Too Much Calcium in Hard Water #skin


Calcium, uh, dries the skin, you know, with calcium is, is you've ever see like, um, you know, on a car that's been washed where there's an area with hard water, it'll leave little kind of stains, a little calcium stains, or, you know, if you have a, like a coffee maker, right. You're supposed to descale it, which means like remove the calcium from it at least once a year. And sometimes they're like really gross, you know, you get it. And this, this stuff is like, gross looking. It's like this brown crusty,

Sometimes it looks like almost like you took a tube of toothpaste and how they described it all around and let it sit there.

Yeah. Well, you know, when, um, you know, we have little kids, so we had the, um, steamers for the, the bottles. So, you know, you use, um, you know, purified water for that. You use like distilled water for it. However, once somebody I'm not going to say who buy it was probably me, you know, in the middle of the night pulling bottles and sterilizing, you put the water in, like when you got the young baby and like, uh, you put the water, you got tap water, you put it in there. And it leaves like limescale around on the heating element. And then you got to look at it. You're like, oh, I knew that was, there was something wrong with that pet technique, but you know, showers get it, you see it on the shower. Doors is it's glass. And so, you know, when you're showering in this type of environment, you're washing your face, you're washing your skin in this type of water environment. It does take a toll on the skin. Yeah,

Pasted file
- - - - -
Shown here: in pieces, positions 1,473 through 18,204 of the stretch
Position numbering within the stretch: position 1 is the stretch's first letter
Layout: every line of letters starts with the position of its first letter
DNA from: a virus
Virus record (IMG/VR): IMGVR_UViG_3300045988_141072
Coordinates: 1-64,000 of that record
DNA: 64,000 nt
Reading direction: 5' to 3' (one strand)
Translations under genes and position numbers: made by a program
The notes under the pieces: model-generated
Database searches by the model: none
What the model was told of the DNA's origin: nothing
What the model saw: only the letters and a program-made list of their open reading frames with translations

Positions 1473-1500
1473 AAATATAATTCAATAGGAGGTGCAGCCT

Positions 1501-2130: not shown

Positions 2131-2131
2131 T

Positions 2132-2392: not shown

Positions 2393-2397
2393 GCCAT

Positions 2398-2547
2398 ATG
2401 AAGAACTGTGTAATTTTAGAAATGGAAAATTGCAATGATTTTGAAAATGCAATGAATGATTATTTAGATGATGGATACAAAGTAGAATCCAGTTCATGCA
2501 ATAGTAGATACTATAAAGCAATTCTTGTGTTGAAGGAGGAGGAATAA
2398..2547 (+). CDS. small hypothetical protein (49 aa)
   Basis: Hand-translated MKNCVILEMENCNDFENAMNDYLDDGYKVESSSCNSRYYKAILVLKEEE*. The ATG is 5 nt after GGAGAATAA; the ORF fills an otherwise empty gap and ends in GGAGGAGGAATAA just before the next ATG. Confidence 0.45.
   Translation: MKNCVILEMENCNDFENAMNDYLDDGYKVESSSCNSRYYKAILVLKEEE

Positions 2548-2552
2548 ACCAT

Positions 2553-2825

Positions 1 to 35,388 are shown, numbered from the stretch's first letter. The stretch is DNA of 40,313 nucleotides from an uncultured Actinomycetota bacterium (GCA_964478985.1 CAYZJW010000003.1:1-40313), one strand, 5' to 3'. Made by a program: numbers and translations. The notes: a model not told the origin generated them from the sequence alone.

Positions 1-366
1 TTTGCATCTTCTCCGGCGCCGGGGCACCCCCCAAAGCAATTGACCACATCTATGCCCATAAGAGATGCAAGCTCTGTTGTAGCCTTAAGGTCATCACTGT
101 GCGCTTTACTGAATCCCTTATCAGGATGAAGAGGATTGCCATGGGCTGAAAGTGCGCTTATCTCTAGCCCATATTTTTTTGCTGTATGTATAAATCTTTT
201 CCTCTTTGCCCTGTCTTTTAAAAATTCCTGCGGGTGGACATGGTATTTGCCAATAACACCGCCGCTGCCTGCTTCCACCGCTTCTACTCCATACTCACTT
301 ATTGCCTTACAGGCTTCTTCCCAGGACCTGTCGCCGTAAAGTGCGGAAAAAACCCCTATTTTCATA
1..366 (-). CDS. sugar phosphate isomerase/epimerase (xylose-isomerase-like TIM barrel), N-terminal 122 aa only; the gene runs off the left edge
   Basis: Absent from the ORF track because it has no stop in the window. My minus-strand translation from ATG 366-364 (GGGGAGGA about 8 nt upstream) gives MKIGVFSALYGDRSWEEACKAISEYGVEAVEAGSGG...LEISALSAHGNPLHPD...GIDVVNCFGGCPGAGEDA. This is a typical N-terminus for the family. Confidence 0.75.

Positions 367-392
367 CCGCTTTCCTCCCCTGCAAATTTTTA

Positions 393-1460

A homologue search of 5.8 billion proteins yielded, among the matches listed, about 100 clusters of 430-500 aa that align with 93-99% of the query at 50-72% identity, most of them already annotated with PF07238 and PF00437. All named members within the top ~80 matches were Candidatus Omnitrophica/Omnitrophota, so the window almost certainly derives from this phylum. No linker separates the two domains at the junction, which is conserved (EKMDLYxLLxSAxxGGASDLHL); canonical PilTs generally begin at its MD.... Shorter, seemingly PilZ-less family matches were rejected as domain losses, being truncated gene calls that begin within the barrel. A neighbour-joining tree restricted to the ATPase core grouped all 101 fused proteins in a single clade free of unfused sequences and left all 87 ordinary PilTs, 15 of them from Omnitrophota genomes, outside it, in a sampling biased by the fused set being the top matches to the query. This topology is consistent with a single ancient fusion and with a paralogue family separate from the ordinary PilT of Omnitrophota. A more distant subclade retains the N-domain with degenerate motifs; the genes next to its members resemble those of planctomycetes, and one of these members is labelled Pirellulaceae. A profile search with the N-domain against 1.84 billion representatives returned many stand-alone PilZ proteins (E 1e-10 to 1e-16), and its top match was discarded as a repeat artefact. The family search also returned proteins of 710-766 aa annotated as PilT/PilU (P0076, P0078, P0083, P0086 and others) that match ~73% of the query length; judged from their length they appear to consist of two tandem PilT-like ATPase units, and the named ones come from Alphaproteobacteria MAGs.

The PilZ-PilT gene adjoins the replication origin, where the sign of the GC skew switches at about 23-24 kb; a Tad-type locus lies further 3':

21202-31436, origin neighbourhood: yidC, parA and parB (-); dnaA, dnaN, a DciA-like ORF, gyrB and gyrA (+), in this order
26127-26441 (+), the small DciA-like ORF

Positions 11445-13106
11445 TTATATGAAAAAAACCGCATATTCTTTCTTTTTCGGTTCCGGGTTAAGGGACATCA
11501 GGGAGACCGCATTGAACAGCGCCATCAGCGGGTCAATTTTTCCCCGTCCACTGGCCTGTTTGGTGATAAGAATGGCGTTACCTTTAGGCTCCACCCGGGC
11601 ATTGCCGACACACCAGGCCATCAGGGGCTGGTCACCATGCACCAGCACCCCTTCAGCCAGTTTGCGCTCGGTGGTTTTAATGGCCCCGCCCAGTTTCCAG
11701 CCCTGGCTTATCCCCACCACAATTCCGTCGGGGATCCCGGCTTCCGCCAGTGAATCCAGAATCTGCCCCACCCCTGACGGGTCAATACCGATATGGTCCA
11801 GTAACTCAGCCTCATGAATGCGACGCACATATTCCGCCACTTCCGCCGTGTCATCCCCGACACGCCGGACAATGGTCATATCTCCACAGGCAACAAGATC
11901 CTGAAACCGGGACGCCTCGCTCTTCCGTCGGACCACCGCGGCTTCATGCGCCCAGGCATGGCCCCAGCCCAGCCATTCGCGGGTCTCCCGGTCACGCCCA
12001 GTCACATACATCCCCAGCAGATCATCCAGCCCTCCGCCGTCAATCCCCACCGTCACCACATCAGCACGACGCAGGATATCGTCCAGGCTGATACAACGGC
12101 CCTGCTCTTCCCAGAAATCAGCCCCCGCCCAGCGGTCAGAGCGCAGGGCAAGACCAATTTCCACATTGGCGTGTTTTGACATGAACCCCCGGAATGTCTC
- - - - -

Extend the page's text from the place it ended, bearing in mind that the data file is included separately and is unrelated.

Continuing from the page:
Well, what's interesting to me is when I moved to Vegas, you know, the water here is very hard, like you just said, but also on all of the faucets and the shower heads, you can actually see how it, I'm not going to say it deteriorates it, but it kind of does

It. Yeah. Calcium when it builds up causes like a scouring effect on things and it also kind of eats away at things.

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